Andrew Higham is the Executive Chef of Mission 2020, an initiative to reduce global emissions at the rate needed for full decarbonization by 2050. He was responsible for the strategy for achieving a universal and legally binding agreement within the 2011-2016 UN climate secretariat: managing the formation of the Durban mandate, and then the team that supported the development of the Paris Agreement. Meinhard Doelle is a professor at the Schulich School of Law, Dalhousie University, Halifax, Canada, where he teaches climate change, energy legislation and the environment and works as a Dean Associate, Research. His current research focuses on the UN climate regime, energy governance and environmental impact assessments. 5 An example of this analysis see. B Mayer, “International Law Obligations Arising in relation to Nationally Determined Contributions” (2018) 7(2) Transnational Environmental Law, 251-75. The mere reference to Donald Trump to illustrate the sophistication of this volume probably does not do him justice, because it goes far beyond that. But the rebuttal of this landmark example represents the wealth of information in the pages of this book, which offers the reader an extremely rich source of information on international policy-making, international (environmental) law, law and, of course, the climate regime. This is why this book is recommended for scientists from different disciplines, for lawyers and policy makers, for journalists and also for lay people interested in lively clashes on climate change. In that sense, we should look at the openness of this criticism of the book, namely US President Trump and the degree of injustice of the Paris agreement towards the United States. Throughout the book the United States, of course, often surfaces. But contrary to Mr.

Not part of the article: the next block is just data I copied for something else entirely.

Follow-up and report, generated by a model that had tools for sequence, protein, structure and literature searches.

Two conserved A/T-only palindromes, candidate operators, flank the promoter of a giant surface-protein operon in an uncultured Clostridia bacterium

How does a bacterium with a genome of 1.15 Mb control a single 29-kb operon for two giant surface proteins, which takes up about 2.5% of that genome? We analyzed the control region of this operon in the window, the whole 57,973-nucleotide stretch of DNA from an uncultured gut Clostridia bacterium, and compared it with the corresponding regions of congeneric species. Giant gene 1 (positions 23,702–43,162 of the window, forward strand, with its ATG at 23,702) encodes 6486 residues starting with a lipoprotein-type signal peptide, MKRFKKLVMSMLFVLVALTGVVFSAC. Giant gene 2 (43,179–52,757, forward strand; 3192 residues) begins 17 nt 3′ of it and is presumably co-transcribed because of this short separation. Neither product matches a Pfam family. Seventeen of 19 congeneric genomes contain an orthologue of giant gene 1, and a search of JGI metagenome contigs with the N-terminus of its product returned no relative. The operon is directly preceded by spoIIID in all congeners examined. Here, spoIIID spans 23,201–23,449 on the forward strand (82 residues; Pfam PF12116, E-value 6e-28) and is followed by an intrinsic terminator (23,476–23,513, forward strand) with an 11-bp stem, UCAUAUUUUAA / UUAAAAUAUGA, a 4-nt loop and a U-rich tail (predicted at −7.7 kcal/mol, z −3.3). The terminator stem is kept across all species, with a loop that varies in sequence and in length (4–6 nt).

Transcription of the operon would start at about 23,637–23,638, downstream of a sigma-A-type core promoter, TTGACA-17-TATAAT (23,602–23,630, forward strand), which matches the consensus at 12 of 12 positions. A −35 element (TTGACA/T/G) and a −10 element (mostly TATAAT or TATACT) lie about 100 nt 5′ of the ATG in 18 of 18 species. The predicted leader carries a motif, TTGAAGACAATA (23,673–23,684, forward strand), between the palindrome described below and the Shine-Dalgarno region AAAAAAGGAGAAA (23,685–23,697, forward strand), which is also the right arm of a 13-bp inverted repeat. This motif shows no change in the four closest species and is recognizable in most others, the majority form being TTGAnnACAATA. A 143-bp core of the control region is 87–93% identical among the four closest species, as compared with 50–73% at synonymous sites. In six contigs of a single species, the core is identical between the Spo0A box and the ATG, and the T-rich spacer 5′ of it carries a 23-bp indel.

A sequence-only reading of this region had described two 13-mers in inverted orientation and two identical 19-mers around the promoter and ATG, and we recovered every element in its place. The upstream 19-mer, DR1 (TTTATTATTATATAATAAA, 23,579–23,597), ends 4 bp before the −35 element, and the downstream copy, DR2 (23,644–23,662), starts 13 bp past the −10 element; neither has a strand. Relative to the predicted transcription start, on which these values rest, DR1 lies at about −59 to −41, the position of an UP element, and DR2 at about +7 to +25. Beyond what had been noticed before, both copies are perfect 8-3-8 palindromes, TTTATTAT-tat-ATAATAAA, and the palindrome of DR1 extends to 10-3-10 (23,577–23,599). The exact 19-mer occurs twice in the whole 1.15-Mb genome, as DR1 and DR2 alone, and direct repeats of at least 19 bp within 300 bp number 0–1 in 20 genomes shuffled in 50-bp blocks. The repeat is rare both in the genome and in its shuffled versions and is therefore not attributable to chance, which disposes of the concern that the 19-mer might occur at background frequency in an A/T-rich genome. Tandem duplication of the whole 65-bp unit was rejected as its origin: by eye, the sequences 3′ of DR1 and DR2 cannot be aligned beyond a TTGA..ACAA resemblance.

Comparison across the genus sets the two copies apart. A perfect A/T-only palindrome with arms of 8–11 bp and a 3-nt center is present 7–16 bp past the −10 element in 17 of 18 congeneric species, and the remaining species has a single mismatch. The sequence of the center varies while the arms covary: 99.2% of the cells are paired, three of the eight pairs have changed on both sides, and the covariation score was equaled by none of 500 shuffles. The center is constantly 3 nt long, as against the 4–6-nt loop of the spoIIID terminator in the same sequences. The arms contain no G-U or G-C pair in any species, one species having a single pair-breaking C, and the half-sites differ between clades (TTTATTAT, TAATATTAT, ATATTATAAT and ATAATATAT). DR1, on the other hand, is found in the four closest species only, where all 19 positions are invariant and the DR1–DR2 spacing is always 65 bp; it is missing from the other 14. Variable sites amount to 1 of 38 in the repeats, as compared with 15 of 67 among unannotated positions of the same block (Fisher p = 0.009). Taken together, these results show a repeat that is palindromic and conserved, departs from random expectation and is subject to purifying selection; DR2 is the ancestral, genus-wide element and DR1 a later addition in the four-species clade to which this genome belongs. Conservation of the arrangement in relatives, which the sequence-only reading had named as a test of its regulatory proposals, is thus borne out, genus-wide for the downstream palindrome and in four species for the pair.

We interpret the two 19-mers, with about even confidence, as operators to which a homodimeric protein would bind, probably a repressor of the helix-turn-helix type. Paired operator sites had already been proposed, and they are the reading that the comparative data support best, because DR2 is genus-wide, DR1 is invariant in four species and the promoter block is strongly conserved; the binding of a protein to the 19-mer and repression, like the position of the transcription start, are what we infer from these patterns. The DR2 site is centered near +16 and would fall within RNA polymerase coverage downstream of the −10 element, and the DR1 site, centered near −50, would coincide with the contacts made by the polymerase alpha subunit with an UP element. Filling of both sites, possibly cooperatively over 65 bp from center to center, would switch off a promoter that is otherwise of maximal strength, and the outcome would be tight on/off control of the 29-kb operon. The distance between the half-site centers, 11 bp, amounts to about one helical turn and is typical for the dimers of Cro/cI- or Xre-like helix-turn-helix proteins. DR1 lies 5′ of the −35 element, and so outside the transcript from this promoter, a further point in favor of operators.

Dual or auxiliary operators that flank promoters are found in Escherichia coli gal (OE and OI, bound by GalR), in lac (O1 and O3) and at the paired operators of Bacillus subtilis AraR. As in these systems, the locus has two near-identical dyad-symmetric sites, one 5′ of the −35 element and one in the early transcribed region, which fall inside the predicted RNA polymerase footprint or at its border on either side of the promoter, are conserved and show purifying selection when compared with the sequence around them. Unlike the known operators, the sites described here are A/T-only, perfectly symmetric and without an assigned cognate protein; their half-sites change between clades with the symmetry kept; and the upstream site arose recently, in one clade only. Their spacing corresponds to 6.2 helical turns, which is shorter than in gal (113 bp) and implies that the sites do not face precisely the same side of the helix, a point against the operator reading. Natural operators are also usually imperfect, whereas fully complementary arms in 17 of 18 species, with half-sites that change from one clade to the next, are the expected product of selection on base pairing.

Trump`s assertions, the regime does not penalize anyone. If the principle of “common but differentiated responsibilities and respective capabilities” were considered detrimental to the United States, that would be understandable.